My mom is a writer, although she writes non-fiction, so I grew up thinking that writing for money was something that people can do. I was also fairly firm that I would not be a writer (this was my form of rebelling.) But, I kept having ideas, and I was bored, and I was having one of those days when nothing seems appealing on TV, and I’d read all the books on my shelf a dozen times, and I needed something to do. So I started writing. And I haven’t stopped.

> If you could, would you change places with any of your characters?

I don’t think so, no. I tend to put them in fairly dangerous situations, and while it mostly works out for the best (mostly), there are still several casualties along the way. And besides, in my day job, I’m already a public servant, so I already know the stress of the job, without adding the possibility of getting my head clawed off by a gigantic weasel.

> What were your literary influences for The Rook?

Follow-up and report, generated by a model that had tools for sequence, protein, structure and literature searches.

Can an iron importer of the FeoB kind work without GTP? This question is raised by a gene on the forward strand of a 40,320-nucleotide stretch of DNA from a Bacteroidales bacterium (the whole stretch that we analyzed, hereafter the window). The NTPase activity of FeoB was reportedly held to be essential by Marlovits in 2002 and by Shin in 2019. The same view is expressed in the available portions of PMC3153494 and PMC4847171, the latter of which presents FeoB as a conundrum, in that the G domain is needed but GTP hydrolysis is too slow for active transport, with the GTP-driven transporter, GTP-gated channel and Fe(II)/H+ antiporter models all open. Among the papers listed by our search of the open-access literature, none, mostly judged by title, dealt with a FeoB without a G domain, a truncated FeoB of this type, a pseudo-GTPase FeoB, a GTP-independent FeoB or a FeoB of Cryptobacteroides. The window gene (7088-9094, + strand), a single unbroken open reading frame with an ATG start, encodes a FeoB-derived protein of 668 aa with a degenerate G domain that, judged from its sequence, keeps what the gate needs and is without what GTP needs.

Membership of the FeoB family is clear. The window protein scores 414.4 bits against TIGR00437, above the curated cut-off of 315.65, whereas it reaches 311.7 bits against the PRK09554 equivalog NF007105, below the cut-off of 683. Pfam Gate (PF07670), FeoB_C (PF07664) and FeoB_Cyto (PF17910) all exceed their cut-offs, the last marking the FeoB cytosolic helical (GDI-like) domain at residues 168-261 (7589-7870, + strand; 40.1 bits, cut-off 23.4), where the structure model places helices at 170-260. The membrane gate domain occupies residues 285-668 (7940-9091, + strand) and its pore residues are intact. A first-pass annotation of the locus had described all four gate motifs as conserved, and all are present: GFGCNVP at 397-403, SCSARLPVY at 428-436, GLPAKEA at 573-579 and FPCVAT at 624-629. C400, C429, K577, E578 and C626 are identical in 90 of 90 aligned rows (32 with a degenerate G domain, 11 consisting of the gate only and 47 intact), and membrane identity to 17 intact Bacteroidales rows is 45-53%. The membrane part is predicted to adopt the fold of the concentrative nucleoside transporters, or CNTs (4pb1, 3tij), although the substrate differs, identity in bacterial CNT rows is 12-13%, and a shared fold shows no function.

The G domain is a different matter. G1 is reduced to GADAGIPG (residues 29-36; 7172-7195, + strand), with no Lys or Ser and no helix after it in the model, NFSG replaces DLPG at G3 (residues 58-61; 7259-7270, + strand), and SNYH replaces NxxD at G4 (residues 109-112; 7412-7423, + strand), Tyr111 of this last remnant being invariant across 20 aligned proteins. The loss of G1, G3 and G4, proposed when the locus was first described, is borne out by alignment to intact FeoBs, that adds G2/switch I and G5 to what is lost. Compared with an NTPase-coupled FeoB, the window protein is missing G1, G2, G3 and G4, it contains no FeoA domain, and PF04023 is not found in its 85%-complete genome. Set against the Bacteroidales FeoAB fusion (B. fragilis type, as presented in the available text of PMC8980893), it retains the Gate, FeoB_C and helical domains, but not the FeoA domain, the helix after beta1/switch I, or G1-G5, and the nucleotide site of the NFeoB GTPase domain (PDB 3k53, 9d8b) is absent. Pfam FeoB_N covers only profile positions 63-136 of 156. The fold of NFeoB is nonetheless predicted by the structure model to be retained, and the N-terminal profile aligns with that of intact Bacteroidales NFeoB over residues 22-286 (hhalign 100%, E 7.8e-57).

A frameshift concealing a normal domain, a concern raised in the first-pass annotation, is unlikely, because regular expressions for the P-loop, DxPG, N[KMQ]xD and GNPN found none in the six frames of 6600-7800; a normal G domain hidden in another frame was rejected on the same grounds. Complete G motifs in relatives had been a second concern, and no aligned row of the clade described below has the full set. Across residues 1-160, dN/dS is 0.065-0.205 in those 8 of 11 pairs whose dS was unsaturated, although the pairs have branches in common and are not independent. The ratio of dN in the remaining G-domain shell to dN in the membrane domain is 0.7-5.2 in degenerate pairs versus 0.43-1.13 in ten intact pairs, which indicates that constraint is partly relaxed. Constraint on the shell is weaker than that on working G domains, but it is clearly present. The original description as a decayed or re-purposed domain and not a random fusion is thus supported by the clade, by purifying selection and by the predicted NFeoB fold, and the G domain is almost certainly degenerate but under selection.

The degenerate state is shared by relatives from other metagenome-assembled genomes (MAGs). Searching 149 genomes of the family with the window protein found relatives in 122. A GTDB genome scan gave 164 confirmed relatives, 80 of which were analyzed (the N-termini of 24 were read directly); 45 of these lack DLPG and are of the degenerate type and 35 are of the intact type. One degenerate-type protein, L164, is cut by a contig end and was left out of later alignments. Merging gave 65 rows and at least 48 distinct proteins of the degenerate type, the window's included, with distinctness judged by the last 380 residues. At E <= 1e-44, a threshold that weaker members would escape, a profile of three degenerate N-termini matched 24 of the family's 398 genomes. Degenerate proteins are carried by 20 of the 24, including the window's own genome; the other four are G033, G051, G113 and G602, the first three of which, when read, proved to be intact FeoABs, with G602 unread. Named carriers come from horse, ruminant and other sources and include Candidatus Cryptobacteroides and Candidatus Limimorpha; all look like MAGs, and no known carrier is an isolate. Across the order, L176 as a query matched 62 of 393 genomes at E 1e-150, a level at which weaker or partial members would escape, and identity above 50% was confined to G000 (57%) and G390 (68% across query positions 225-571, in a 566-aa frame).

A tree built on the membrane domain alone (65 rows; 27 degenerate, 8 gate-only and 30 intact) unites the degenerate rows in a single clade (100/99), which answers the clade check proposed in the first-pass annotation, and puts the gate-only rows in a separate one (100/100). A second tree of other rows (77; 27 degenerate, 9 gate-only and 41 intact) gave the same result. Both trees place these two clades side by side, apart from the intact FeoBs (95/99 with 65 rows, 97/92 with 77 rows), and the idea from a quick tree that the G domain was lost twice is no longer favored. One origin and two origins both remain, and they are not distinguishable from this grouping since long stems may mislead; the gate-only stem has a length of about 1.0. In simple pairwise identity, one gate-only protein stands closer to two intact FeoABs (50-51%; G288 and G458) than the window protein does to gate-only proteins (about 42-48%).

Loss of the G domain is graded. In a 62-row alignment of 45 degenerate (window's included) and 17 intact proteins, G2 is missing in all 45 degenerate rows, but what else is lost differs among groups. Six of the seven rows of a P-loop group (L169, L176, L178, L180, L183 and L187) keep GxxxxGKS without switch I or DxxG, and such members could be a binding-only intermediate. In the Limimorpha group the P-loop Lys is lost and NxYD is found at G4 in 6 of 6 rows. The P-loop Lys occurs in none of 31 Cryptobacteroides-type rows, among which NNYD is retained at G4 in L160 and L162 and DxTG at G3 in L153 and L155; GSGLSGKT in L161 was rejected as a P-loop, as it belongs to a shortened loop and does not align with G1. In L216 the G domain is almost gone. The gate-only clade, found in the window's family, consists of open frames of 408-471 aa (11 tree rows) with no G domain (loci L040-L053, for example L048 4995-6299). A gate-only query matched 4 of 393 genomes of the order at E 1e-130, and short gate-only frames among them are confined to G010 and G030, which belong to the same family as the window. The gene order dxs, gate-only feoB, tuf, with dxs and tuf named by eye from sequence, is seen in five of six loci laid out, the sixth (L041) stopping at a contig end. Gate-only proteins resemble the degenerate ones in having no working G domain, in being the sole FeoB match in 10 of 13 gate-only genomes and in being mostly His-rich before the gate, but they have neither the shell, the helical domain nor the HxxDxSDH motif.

Many, many books. But the ones I’ve read and re-read most frequently are Terry Pratchett’s Discworld series (for their brilliant humour), George MacDonald Fraser’s Flashman books (for a protagonist that can suffer the most undignified and dangerous of situations), and anything by China Mieville (for the sheer amount of detail and ideas that he crams into every book.)

> What's the first novel (published or unpublished) that you wrote and how long did it take to write it?

I wrote a brilliant children’s novel, called Providence, during the last year of undergraduate university, and the first year of graduate school. So, two years. It dealt with sorcery in the Rhode Island city of Providence, and an underground army of mutants. It was genius, possibly one of the most important works of modern literature, and so naturally, it was not published. I am not at all bitter over this.

> What was the hardest scene for you to write?

I think perhaps the scene where (pre-amnesia) Myfanwy gathers with her colleagues for a Christmas party, and knows that one of them will betray her. The knowledge that one of your closest comrades will deliberately destroy you seems like it would be an awful burden, and I found it hard to write that sort of emotion without pitching it over into melodrama.

> When and where do you write?